My first job out of college was rough on the soul. My privilege in feeling this way is not lost on me but it still hit me hard after graduating. I worked in a cramped room without a window for ten hours a day in front of a desktop computer I felt I couldn’t step away from. Women were firmly encouraged to wear high heels. My manager frequently called me by the wrong name. Upon showing him assets that would soon be turned into magazine ads, he frequently requested that I have our photo editor ‘slim down’ (he meant, ‘erase’) the models’ arms and legs so they would look more appealing. Every other Friday, I waited for my bi-weekly paycheck to hit my bank account so that I could pay for lunch.
My second job out of college was at Google. I ate healthy, delicious food provided for free to all employees. My colleagues were incredibly bright and thoughtful. (Several of my original team members are some of my closest friends today). I wore jeans and sneakers and stopped feeling compelled to wear makeup. My manager and I met every week. He spent hours with me both providing guidance on my work and helping me plan for my career. I was encouraged take time away from my core responsibilities to participate in company-provided courses in design thinking, analytics, and leadership development. I was more productive and engaged in my work than I had ever been before.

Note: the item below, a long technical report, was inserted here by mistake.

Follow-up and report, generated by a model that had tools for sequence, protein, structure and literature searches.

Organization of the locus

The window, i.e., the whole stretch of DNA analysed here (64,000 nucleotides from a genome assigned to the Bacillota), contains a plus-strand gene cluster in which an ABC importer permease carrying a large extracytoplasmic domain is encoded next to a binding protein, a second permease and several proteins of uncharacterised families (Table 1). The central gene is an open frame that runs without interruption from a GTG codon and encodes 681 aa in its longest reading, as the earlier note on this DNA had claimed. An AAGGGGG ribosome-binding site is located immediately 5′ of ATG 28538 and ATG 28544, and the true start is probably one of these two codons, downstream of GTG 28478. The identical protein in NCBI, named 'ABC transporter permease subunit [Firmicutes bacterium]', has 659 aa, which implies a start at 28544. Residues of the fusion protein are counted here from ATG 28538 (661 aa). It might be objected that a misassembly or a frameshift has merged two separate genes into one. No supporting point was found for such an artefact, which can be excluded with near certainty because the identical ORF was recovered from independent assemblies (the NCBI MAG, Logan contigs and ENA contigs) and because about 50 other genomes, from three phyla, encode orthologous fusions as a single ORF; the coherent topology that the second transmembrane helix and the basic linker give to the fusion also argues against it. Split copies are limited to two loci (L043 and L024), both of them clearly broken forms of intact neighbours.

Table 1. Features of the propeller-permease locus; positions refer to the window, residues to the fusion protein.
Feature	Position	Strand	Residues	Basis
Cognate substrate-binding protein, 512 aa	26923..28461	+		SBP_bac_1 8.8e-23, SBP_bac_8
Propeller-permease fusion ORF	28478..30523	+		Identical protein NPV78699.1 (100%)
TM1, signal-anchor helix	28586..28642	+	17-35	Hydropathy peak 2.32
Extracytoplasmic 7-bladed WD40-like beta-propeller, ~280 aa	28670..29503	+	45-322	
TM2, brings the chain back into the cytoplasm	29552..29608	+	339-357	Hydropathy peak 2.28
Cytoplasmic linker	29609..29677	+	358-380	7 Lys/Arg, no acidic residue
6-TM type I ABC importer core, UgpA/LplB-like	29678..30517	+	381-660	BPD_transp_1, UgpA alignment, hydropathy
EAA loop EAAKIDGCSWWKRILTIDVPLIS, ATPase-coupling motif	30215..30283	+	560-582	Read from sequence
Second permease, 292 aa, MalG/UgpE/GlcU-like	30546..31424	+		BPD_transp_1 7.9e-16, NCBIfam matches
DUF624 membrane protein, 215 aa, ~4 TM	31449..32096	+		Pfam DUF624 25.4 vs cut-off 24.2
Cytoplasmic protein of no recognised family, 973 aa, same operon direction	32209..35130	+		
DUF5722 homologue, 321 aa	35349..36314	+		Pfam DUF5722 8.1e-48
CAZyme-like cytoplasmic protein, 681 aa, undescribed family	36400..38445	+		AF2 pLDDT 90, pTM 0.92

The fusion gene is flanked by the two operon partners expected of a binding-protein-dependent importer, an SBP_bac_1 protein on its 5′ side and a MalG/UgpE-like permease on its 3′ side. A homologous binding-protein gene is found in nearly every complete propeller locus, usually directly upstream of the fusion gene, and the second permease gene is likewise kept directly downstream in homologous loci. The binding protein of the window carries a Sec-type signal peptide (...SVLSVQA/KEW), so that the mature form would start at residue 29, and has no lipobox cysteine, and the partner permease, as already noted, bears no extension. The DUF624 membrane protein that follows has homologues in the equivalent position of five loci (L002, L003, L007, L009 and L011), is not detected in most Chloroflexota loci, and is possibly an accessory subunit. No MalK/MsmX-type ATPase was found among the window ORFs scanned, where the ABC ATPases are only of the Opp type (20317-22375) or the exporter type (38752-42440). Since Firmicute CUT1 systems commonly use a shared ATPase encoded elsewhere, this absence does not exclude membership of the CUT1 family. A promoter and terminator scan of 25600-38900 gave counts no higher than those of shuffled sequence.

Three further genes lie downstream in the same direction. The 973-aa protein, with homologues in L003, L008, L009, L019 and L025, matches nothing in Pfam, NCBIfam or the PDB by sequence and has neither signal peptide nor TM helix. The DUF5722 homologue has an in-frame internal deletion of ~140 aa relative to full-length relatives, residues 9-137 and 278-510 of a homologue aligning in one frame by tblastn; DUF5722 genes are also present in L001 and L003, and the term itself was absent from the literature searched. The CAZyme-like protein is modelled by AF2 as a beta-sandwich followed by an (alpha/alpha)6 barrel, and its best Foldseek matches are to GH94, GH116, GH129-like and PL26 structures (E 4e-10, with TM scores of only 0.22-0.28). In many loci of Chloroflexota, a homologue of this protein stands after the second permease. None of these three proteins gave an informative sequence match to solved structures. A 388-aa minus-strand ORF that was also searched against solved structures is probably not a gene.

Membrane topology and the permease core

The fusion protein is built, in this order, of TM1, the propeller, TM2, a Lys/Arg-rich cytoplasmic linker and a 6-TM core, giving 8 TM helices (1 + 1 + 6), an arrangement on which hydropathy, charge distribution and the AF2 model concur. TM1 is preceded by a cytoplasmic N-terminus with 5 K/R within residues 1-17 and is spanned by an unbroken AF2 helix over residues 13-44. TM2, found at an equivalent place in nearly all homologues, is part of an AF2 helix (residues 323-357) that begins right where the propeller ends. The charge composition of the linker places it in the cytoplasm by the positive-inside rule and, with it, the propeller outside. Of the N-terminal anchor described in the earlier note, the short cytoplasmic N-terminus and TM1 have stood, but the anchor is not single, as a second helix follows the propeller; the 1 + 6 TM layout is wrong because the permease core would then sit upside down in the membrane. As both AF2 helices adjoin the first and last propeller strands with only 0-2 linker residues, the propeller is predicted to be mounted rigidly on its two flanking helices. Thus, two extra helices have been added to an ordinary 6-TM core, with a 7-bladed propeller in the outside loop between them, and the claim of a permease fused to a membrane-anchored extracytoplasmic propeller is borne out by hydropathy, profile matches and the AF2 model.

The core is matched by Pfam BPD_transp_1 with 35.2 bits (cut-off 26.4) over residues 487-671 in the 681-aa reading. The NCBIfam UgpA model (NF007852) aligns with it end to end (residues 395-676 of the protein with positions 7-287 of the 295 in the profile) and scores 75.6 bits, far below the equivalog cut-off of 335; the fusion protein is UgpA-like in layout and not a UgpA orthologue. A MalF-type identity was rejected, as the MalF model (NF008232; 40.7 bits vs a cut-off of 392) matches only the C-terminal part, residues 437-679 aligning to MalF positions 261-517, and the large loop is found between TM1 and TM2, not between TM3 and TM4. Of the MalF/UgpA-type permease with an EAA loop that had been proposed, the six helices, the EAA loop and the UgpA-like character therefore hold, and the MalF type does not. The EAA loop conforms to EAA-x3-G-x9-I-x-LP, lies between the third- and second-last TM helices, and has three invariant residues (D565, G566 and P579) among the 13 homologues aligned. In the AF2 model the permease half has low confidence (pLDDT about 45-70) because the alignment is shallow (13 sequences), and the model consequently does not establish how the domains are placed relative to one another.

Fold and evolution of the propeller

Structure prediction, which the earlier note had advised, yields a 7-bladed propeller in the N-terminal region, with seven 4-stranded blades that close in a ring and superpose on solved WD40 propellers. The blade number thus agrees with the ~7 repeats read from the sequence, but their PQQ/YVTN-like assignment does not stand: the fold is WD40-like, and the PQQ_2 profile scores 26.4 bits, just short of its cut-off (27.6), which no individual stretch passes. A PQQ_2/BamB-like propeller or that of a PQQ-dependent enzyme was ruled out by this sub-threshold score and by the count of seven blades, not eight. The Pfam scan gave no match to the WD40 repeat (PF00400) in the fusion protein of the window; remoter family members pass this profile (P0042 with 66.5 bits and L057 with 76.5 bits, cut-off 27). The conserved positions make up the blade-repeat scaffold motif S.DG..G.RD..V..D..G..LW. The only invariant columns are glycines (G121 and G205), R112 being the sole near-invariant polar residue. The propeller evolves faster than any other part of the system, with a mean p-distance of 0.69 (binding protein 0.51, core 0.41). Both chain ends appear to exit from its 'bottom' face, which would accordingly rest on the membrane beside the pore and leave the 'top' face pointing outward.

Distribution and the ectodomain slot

The most important thing I learned at Google was how much a company could give to a human being and how much that mattered.
I have since worked at many technology companies where work environments like the one I described at Google are typical. I am consistently and endlessly grateful that when I step through the doors of my office I feel like a human being. Still, many days I feel small compared to the size and complexity of challenges we are tackling and the organization I am a part of.
There’s a quote I like by William James that I often harken back to often when I find myself in that existential vortex:
“I am done with great things and big things, great institutions and big success, and I am for those tiny, invisible molecular moral forces that work from individual to individual, creeping through the crannies of the world like so many rootlets…”
‘So many rootlets’ contains my musings on those moral forces that work from individual to individual within the context of great institutions and big successes. There will be some tips, some ramblings, some book and article summaries, and whatever else comes to mind. It’s about being a human *and* an employee.
And, it’s something we should all contemplate and cultivate in our offices because it makes for happier, more productive, and more satisfied humans.